Bruce Winant plays Zoser, Radames’ opportunistic, power-hungry father; Raphael Nash Thompson is Amonasro, Nubian king and Aida’s father; and Charles Parker is Pharoah, Amneris’ father. Others include Avery Smith as Mereb, Radames’ gofer, and Christiani Pitts as Nehebka, Aida’s go-between with her people.

Thomas W. Douglas, who is celebrating his 25th year on the faculty at Carnegie Mellon University, returns for another summer as guest conductor. For “Aida,” he is leading a 15-piece orchestra through an eclectic range of rock, pop, reggae, gospel and a little Motown for such evocative songs as “Every Story is a Love Story,” “Elaborate Lives” and “Written in the Stars.” Andrew Palermo, who choreographed MTW’s first “Aida” in 2005, returns to refresh the dance designs with new attention to African movements and rhythms.

Actor Samonsky describes his Egyptian general as the consummate warrior, much like “American Sniper.”

“The military has been his entire life. What makes him a good soldier doesn’t necessarily make him a good person. He’s been trained to survive. His arrogance makes him successful because he never thought beyond himself,” says Samonsky, a Los Angeles native who has been on Broadway with “The Mystery of Edwin Drood,” “Scandalous” and as Lt. Cable in the acclaimed revival of “South Pacific” (preserved on film for “Live from Lincoln Center” on PBS).

“Aida challenges his world view. He may be her captor, but she is strong-willed and speaks her mind. He has not faced that before. She makes him face consequences he never thought about,” Samonsky says. “He is confused about compassion and how to connect with people.”

For her role as Amneris, Loprest is fascinated by the character’s evolution from pampered, self-centered fashionista and trophy girlfriend into a clear-thinking, responsible leader ready to step into her place in history.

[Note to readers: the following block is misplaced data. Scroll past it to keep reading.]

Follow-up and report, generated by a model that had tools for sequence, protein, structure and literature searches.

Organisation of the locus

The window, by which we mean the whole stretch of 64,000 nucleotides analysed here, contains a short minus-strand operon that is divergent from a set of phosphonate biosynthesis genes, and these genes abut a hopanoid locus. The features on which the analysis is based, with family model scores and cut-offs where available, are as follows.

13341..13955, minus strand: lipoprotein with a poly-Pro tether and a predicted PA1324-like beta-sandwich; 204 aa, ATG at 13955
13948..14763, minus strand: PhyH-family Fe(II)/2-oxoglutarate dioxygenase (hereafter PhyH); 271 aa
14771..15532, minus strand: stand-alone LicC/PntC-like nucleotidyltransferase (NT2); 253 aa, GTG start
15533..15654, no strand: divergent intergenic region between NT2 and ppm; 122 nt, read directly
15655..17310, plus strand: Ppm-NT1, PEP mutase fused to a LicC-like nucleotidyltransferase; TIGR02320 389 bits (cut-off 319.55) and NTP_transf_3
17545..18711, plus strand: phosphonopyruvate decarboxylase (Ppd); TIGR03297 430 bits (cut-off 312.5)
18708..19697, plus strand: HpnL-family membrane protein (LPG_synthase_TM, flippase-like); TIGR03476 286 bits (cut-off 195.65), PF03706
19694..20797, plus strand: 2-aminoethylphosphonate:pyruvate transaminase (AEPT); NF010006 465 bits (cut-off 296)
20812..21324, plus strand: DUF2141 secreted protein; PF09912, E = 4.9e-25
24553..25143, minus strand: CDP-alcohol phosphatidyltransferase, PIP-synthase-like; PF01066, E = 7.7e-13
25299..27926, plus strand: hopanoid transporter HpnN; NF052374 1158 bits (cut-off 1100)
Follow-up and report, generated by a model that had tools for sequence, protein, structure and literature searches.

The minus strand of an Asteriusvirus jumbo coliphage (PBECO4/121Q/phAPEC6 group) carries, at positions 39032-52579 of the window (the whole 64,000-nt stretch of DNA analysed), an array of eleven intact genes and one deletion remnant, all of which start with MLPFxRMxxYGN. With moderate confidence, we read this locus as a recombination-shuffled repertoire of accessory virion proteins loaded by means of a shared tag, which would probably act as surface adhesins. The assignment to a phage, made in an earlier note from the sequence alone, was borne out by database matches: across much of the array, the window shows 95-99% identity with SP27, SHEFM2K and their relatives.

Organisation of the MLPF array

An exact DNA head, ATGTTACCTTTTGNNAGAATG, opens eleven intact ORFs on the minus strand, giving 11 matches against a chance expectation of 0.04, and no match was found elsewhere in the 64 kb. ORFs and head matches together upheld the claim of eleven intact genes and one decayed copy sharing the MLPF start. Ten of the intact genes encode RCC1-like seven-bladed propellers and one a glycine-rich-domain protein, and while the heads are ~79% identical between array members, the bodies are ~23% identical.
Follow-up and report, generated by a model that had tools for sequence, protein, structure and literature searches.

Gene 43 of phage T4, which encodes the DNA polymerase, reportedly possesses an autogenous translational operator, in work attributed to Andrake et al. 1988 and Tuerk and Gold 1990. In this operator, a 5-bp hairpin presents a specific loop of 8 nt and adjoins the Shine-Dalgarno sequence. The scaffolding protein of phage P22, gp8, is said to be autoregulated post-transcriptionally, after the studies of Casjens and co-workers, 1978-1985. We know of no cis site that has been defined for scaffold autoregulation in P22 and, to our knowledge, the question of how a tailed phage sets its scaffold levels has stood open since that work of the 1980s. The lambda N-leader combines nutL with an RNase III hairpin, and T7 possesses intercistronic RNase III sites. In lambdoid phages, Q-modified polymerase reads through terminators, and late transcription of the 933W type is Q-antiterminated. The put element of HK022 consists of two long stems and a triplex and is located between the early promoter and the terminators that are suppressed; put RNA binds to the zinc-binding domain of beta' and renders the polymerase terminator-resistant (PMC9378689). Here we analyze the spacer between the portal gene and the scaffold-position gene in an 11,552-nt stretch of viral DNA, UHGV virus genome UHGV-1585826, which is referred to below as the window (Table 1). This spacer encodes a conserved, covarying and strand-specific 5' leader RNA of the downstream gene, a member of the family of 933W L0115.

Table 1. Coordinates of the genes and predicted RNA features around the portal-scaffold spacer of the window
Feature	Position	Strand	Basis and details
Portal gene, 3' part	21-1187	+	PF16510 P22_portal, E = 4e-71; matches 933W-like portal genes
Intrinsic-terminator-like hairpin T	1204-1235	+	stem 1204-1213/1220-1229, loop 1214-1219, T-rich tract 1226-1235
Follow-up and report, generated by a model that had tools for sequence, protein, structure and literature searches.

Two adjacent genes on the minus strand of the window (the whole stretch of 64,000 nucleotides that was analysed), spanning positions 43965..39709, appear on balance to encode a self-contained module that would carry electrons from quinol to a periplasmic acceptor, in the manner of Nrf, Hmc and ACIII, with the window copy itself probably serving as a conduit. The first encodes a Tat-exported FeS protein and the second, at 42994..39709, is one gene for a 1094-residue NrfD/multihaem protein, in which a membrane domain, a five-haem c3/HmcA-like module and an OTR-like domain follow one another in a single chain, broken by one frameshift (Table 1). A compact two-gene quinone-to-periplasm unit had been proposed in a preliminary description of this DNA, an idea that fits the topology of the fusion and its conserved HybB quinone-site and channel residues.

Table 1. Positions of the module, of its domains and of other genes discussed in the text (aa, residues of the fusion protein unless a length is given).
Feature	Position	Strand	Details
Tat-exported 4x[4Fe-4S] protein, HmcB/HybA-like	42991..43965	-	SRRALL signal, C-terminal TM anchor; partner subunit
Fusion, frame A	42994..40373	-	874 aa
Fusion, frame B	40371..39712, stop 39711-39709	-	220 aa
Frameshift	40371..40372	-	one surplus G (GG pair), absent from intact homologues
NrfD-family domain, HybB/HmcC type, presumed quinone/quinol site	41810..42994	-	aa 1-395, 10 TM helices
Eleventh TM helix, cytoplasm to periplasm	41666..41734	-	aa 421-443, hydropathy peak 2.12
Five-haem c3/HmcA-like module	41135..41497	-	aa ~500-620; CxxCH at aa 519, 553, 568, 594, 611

“It’s a really good story arc. She starts as a girl, probably 16 or 18, who never has to do anything for herself. She’s very vain. She floats through life,” says Loprest, a Chicago native who was a member of MTW’s resident company in 2004, playing featured roles in both “West Side Story” and “Disney’s Beauty and the Beast.” She’s been on Broadway in “First Date,” “Hairspray,” “Xanadu” and “The Drowsy Chaperone” and in the Chicago sit-down company of “Wicked.”

“Early on, her vanity is a problem because she displays a level of not caring. But her curiosity about the world opens her up and leads her to becoming a strong ruler,” Loprest says.

Frequent guest star Winant is relishing his role as the show’s villain because he so rarely gets the chance to be bad. Wichita audiences know him best as hopelessly lovable Tevye of “Fiddler on the Roof” and ever-so-earnest King Arthur of “Spamalot.”

“Zoser is the epitome of evil. He’s power-hungry. He’s opportunistic. He’s uses whoever to do whatever. He’s not above getting his hands dirty, although he prefers to get someone else’s hands dirty,” chuckles Winant, a Broadway veteran (“Chicago,” “Ragtime,” “Miss Saigon”) and frequent TV guest star (“Blue Bloods,” “Law & Order: SVU,” “The West Wing”).

“It’s fun to be the nasty plotter for a change. You could say it’s a guilty pleasure. After being the nice guy in so many shows, it’s great to be able to twirl your mustache for a couple of hours.”

If You Go


What: Elton John and Tim Rice’s 2000 Tony-winning rock reimagining of the classic Egyptian operatic romance kicks off Music Theatre Wichita’s 44th season.

Where: Century II Concert Hall, 225 W. Douglas

When: 8 p.m. Wednesday-Friday, 2 and 8 p.m. Saturday, 2 and 7 p.m. Sunday

Tickets: $64-$28 evenings, $56-$26 matinees; call 316-265-3107